Phonics is a method of teaching English-speaking children to read and write English by connecting the phonemes (or sounds) of the spoken language with graphemes ("letters") or letter groups in the written language. Simply put, children learn
- that spoken words consist of a sequence of sounds (phonemes), e.g. cat:
- that some sounds correspond to a letter group, e.g.
/ʃ/ for "sh",
/tʃ/ for "ch";
- to decode written words with the above knowledge.
This approach contrasts with approaches that teach to recognise whole words.
A YouTube video by Dyslexia Australia says that, "Studies have shown that if a child is not proficient with phonics or decoding by the end of year 2, chances are that they never will be."
The British Department of Education promotes this approach; see for example its leaflet for parents (PDF). However, the article Five things about phonics (BBC News, June 2012) points out that:
The government's phonics-only approach is controversial, with many teachers and educationalists advocating a more balanced approach in which other reading strategies are also used.
"Some children will need more phonics-teaching more than others," says Andrew Lambirth, professor of education at the University of Greenwich.
The article also mentions that the debate about how to teach children to read has been going on for decades adn that there was a more balanced approach in the 1970s and 1980s.
The English Teachers Association NSW in Australia published a position statement that points out, among other things, that phonics is just one part of a bigger set of reading strategies that learners are taught. The position statement contrasts the Australian approach with the strong emphasis on phonics in the USA:
The USA through its national program, Reading first ,can be said to have effectively advocated phonics as the main method of reading instruction in US schools - with legislation reflecting a long history of phonics-based instruction in the US. In the 2003 international PISA test despite the "overwhelming scientific evidence" in favour of phonics-based instruction, 15 year-olds in the US scored significantly worse than Australia with its more inclusive reading instruction. Australia, in fact, was beaten by only one country - Finland.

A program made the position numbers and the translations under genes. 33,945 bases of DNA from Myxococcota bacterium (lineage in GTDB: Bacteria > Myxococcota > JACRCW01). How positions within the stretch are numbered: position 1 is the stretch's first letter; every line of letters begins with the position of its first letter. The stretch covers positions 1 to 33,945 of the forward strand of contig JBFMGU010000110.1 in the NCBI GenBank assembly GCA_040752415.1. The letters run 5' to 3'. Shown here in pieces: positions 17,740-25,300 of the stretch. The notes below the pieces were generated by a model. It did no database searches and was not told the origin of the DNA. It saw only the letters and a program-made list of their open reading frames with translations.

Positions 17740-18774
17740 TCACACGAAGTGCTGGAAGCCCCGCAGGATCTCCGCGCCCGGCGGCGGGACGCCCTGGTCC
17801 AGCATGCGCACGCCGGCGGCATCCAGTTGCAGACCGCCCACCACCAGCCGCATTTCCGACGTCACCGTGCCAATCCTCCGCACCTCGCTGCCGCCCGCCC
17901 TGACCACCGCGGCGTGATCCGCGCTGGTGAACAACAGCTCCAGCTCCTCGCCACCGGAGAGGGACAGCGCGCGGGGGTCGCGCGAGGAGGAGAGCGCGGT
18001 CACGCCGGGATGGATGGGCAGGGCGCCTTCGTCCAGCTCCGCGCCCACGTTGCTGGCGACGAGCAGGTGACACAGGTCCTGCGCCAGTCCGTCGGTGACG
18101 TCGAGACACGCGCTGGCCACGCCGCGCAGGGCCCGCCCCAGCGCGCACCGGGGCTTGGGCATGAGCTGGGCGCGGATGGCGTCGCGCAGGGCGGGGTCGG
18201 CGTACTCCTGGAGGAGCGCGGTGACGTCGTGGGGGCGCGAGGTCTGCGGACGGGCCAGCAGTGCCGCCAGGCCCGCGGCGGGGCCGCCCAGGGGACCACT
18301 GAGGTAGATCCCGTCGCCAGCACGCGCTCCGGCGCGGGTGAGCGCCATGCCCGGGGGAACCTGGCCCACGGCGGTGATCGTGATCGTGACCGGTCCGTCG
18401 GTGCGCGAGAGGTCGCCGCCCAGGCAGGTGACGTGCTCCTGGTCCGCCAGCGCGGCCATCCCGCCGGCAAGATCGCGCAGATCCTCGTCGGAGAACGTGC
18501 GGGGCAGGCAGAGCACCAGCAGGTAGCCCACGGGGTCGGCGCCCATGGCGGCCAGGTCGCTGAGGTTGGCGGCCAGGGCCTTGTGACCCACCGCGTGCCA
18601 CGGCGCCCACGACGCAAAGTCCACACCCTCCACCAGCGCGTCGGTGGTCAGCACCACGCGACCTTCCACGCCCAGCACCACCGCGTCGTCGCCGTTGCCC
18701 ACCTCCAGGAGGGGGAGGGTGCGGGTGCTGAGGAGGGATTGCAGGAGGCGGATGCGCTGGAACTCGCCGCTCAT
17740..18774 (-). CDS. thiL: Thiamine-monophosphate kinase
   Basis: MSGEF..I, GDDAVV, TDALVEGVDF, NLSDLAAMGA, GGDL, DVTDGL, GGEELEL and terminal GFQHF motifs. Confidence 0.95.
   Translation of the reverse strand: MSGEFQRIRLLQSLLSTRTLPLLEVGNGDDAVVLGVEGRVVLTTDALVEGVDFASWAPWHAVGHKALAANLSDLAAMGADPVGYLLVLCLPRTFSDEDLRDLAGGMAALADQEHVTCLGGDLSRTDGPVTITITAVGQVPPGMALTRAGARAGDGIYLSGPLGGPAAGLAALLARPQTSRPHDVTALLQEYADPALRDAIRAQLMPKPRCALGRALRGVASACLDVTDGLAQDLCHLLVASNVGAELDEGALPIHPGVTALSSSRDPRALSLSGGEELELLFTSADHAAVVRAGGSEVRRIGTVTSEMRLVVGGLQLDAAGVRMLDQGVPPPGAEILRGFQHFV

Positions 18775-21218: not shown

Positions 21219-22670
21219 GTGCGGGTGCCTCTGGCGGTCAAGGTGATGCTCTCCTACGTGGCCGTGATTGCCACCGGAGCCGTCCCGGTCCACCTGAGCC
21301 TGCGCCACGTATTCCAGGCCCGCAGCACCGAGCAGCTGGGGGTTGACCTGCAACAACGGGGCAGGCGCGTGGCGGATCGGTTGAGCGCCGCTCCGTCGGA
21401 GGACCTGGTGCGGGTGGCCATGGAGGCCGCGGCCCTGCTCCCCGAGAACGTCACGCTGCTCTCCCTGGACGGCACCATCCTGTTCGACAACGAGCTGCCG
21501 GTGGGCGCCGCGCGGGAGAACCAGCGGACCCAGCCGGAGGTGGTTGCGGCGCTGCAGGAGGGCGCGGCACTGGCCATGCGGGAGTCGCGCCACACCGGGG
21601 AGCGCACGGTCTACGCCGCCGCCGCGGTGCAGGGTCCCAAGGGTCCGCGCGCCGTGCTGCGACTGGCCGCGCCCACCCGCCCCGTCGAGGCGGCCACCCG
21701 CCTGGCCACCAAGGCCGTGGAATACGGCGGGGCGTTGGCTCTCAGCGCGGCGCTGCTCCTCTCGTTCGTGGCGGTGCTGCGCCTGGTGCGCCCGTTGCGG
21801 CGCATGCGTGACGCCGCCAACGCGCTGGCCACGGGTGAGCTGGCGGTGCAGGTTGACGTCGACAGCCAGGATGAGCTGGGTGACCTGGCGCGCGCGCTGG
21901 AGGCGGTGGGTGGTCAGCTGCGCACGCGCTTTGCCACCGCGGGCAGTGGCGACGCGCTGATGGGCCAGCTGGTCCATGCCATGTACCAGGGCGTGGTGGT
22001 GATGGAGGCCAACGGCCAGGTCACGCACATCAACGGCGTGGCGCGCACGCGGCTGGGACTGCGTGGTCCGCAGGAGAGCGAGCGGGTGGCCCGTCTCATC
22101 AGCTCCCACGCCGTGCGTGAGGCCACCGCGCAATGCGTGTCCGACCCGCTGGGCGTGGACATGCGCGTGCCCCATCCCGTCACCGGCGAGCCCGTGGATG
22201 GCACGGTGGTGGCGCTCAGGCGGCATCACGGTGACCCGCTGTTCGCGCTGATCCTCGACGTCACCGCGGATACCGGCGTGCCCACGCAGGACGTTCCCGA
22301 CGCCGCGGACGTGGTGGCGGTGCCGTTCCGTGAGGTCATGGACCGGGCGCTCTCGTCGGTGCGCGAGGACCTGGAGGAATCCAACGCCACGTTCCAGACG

The Australian position statement also quotes a paper by Stephen Krashen, which says, among other things, that the general public and the media in the USA support phonics instruction without being aware that there are several different phonics methods (intensive, systematic phonics, basic phonics, zero phonics).
Stephen Krashen briefly explains the differences between “intensive, systematic phonics”, “zero phonics” and “basic phonics” in a letter to Education Week (July 2005).
Get Reading Right has a webpage that explains the difference between Analytic Phonics vs Synthetic Phonics; in this comparison, synthetic phonics looks superior to the other approach.
The French Wikipedia article méthode syllabique mentions that the 18th-century Alsatian priest Jean Georges Stuber published a method similar to phonics as early as 1762 (Alphabet méthodique pour faciliter l'art d'épeler et de lire en français). The Wikipedia article does not mention the term "phonics" or how English-speaking children are taught to read. However, it mentions that, in 2005, the French minister of education Gilles de Robien had stated that the "méthode globale" ("whole language") should be abandoned once and for all.
I have not found evidence that phonics or the French "méthode syllabique/alphabétique" is used to teach children to read in a foreign language.
Here are a few links and references: